Event Title

Beyond Limits: Exploring Motivation and Gender Barriers in Ultramarathoning

Location

CSU 253

Start Date

9-4-2012 10:00 AM

End Date

9-4-2012 11:00 AM

Student's Major

Human Performance

Student's College

Allied Health and Nursing

Mentor's Name

Cindra Kamphoff

Mentor's Department

Human Performance

Mentor's College

Allied Health and Nursing

Second Mentor's Name

Suzannah Armentrout

Second Mentor's Department

Human Performance

Second Mentor's College

Allied Health and Nursing

Description

An ultramarathon extends beyond the traditional 26.2-mile marathon (Tharion, Strowman, & Rauch, 1988) and includes 50 kilometers (31 miles), 100 kilometers (62.1 miles) and 135 miles. Participants must train for substantial periods of time and oftentimes in rough off-road terrain while dealing with dramatic changes in elevation and weather. Despite these challenges, participation rates are increasing; yet, most of these participants are men. For instance, for every woman participant, five men participated in the Western States 100 (Western State Endurance Run, 2012). Very few researchers have examined the motives to participate in this unique sport or investigated the gender barriers of ultramarathons. This qualitative study was conducted to further explore and understand what motivates women to run ultramarathons and the gender barriers that may prevent or make it difficult for them to participate in ultramarathons. Telephone interviews were conducted with fifteen women who completed at least one ultramarathon. The interviews were recorded and transcribed verbatim. The transcripts were read in-depth and organized into common themes across all interviews using Creswell’s (2000) framework. Gender barriers in ultramarathons were identified as: 1) child-care and household responsibilities, 2) job-related obstacles, 3) lack of support, 4) safety concerns and 5) biological barriers such as the menstrual cycle. To overcome gender barriers, these women commonly stated they used the following as motivation to continue ultramarathoning: 1) the ultra- running community, 2) the challenge of the ultra, 3) environmental factors, and 4) personal growth. Specific results and implications of our findings will be discussed in the presentation.

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Apr 9th, 10:00 AM Apr 9th, 11:00 AM

Beyond Limits: Exploring Motivation and Gender Barriers in Ultramarathoning

CSU 253

An ultramarathon extends beyond the traditional 26.2-mile marathon (Tharion, Strowman, & Rauch, 1988) and includes 50 kilometers (31 miles), 100 kilometers (62.1 miles) and 135 miles. Participants must train for substantial periods of time and oftentimes in rough off-road terrain while dealing with dramatic changes in elevation and weather. Despite these challenges, participation rates are increasing; yet, most of these participants are men. For instance, for every woman participant, five men participated in the Western States 100 (Western State Endurance Run, 2012). Very few researchers have examined the motives to participate in this unique sport or investigated the gender barriers of ultramarathons. This qualitative study was conducted to further explore and understand what motivates women to run ultramarathons and the gender barriers that may prevent or make it difficult for them to participate in ultramarathons. Telephone interviews were conducted with fifteen women who completed at least one ultramarathon. The interviews were recorded and transcribed verbatim. The transcripts were read in-depth and organized into common themes across all interviews using Creswell’s (2000) framework. Gender barriers in ultramarathons were identified as: 1) child-care and household responsibilities, 2) job-related obstacles, 3) lack of support, 4) safety concerns and 5) biological barriers such as the menstrual cycle. To overcome gender barriers, these women commonly stated they used the following as motivation to continue ultramarathoning: 1) the ultra- running community, 2) the challenge of the ultra, 3) environmental factors, and 4) personal growth. Specific results and implications of our findings will be discussed in the presentation.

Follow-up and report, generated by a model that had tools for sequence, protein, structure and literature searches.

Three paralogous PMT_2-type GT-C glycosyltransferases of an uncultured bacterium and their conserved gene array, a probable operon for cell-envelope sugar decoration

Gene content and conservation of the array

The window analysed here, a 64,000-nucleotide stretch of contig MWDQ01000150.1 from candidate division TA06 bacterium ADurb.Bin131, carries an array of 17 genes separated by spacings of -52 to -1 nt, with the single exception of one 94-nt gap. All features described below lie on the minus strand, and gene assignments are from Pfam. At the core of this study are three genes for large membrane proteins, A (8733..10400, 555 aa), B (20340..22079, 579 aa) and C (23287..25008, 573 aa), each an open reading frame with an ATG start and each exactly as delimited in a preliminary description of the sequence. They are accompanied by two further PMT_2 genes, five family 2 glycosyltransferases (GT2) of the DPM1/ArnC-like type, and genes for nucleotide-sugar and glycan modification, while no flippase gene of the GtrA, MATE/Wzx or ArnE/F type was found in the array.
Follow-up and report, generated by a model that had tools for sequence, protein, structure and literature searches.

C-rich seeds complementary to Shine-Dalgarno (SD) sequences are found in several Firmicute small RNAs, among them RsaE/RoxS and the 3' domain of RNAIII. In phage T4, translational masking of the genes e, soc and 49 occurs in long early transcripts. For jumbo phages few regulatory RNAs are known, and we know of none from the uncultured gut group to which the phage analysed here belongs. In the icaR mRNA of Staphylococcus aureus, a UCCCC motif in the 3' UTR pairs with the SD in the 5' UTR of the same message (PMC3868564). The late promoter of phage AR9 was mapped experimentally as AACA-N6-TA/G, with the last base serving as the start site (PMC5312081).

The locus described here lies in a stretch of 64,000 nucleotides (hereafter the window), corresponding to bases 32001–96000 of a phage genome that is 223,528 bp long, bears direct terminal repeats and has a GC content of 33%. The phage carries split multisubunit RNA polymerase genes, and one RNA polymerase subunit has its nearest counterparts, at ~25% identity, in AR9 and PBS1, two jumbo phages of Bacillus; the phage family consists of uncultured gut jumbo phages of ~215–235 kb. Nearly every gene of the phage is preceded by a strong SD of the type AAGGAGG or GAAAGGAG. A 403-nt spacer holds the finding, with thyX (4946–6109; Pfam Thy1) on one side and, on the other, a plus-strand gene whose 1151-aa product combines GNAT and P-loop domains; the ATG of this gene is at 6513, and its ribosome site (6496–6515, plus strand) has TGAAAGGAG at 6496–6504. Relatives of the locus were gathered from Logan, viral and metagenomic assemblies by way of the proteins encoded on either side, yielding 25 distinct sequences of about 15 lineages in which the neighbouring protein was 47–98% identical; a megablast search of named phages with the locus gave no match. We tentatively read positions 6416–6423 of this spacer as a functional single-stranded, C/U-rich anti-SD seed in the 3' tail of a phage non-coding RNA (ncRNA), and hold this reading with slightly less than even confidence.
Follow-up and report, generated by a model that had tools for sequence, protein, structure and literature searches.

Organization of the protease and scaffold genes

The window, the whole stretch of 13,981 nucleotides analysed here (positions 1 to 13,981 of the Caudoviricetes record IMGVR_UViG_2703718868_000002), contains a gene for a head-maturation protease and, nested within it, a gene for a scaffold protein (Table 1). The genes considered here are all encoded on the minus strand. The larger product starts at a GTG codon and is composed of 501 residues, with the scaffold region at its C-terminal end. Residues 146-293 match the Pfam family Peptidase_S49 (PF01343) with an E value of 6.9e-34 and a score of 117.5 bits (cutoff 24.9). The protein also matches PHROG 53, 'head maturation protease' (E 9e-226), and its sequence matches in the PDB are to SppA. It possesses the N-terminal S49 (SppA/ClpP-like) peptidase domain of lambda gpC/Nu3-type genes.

Recommended Citation

Harris, Amy. "Beyond Limits: Exploring Motivation and Gender Barriers in Ultramarathoning." Undergraduate Research Symposium, Mankato, MN, April 9, 2012.
http://cornerstone.lib.mnsu.edu/urs/2012/oral-session-05/1